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Govt apathy delays anti-superstition Bill

GUWAHATI, July 22 - As another gruesome incident of witch-hunting rocked Sonitpur district recently, the much anticipated anti-superstition Bill, entangled in government formalities, does not seem to be inching forward.

The wait for an Act against superstitions in Assam may get prolonged due to the Government�s alleged apathy and the lack of timely intervention by the departments concerned.

Social activist Dibyajyoti Saikia, who has been engaged in campaigning against malpractices like witch-hunting and related violence, said that if the draft of the Anti-Superstition Bill is not sent to the Assembly before August 1, the Bill would not be placed on the floor of the House in the next Assembly session starting from August 10.

Saikia, who is camping at Bhimajuli in Biswanath Chariali, where a 60-year old woman was beheaded by a mob on the allegation of practising �black magic,� said the State cannot afford ignoring such incidents any further.

The supporters of the Anti-Superstition Law are pinning their hope on its early enactment to control superstition-related violence in the State, the major one being witch-hunting.

�Though the draft of the Bill has been prepared, it is yet to be sent to the Assembly. Lack of swift action by the government departments concerned may result in another setback to the proposed Act,� said Saikia, secretary general of the voluntary organisation, Brothers, which has been leading a campaign in favour of a strict anti-superstition law in the State.

It may be noted that States like Bihar, Odisha, Jharkhand and Maharashtra have already enacted anti-witch hunting legislations.

�Apart from bringing untold suffering to the affected people, such incidents malign the image of the State to a great extent. Since 2001, more than 300 people have been affected by superstition-related violence in the State. More than 180 people have been killed brutally in the name of witch-hunting. Unfortunately, in several such incidents, the assailants take advantage of the illiteracy and ignorance prevalent in the backward areas to settle personal scores,� added Saikia.

Following the intervention of the Gauhati High Court and pressure from several social organisations, the Government of Assam prepared the draft of the Bill that was submitted to the court early this year.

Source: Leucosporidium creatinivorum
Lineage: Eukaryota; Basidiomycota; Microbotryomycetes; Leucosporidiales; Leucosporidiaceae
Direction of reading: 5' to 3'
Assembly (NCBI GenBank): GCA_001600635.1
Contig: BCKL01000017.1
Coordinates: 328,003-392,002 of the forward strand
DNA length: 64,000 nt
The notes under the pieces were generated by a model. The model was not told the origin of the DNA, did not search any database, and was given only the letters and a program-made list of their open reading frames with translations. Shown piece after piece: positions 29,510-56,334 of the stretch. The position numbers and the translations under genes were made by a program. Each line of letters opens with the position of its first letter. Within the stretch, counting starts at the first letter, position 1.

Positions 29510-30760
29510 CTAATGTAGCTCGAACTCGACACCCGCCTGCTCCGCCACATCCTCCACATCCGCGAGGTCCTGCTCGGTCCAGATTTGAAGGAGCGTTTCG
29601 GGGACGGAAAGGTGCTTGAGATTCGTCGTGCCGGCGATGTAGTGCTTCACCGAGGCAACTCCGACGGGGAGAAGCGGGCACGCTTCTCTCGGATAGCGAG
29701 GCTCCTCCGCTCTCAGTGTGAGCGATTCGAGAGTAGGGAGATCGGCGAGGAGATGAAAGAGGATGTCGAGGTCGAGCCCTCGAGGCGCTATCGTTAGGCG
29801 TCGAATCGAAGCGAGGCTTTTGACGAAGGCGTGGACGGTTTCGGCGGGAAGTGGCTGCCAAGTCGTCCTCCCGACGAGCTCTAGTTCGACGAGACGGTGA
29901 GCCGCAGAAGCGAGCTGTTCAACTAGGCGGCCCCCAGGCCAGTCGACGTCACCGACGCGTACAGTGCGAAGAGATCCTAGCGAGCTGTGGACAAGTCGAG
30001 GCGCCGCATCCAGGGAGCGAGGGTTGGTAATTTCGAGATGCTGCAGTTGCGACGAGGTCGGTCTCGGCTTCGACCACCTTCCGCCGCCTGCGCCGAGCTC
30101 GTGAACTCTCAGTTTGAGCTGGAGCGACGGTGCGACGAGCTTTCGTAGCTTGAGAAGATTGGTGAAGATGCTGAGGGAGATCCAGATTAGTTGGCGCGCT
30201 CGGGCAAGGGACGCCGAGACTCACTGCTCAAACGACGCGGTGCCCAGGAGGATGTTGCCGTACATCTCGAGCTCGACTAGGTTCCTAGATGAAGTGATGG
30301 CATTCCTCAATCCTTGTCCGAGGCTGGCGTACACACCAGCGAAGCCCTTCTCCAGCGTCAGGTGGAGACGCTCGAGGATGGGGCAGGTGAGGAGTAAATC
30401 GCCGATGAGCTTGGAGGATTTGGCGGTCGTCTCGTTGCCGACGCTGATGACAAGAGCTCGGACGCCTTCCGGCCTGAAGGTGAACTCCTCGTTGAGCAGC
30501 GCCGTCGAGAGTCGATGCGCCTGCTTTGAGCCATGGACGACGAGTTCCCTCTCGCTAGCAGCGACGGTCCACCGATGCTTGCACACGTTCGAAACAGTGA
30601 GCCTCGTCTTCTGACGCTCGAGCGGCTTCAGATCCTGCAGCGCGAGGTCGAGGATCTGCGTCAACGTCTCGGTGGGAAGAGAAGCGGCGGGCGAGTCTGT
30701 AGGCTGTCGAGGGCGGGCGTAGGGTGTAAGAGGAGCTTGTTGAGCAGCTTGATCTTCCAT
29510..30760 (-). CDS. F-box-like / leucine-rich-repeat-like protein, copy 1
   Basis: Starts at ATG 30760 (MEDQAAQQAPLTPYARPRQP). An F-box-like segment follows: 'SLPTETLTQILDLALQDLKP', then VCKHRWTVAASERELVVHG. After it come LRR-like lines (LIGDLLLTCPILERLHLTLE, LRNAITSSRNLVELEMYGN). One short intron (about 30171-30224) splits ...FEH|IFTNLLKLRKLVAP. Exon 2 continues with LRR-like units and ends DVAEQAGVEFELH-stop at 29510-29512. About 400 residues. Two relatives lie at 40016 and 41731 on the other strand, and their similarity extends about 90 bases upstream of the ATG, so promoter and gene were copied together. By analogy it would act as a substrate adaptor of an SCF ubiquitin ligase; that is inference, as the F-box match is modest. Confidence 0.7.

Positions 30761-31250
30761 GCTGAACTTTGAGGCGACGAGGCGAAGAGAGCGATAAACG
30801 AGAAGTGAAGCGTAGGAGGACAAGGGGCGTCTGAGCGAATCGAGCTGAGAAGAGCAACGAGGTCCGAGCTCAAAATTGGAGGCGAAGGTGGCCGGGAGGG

�We have been demanding an anti-superstition law in the State since 2011. In the subsequent years, the State Government was pressurized to bring a Bill in the Assembly. The Bill could not come up during the Budget Session of the Assembly this year due to the Government�s apathy despite the fact that the Chief Minister himself had assured us about introducing the law,� Saikia said.

Meanwhile, more cases of witch-hunting were reported from different parts of the State. On July 1, a 48-year-old woman, Kave Rahangpi, was killed at Baithalangso in Karbi Anglong.

�The State�s Education and Health departments are also to blame for such incidents as the lack of proper awareness about medical treatment leads to such superstitious beliefs. Students must be taught about superstitious beliefs prevalent in the society so that the next generation develops a rational and scientific temperament,� the activist added.

The anti-superstition draft Bill, prepared by the Assam Government, proposes punishment from three years to life imprisonment.

Apart from stricter punishment for terming someone a �witch� and inflicting physical, sexual or mental torture leading to suicide and displacement, the Prevention of and Protection from Witch Hunting Bill, 2015, Assam, aims to check illegal practices by quacks. It also proposes action against negligence in investigation, formation of special courts for trial of witch-hunting cases and free legal aid to victims.

�The provision for life imprisonment in witch-hunting cases is the strictest so far,� Baibhab Anand, a lawyer associated with the New Delhi-based Human Rights Defence International, said. The rights group has been lobbying for a national law to check witch-hunting as at least 12 States have the problem.

The Assam Home Department submitted the draft Bill to the Gauhati High Court on Monday following the court�s instruction during the hearing of a PIL. Rajeeb Kalita, a city-based lawyer, had filed the PIL in 2013, seeking an anti-superstition law since over 130 people have died in such attacks in at least 17 of the State�s 27 districts since 2002.

The PIL said superstition leads many to believe that �evil spells� cast on them by others is the cause for illness, death or financial loss.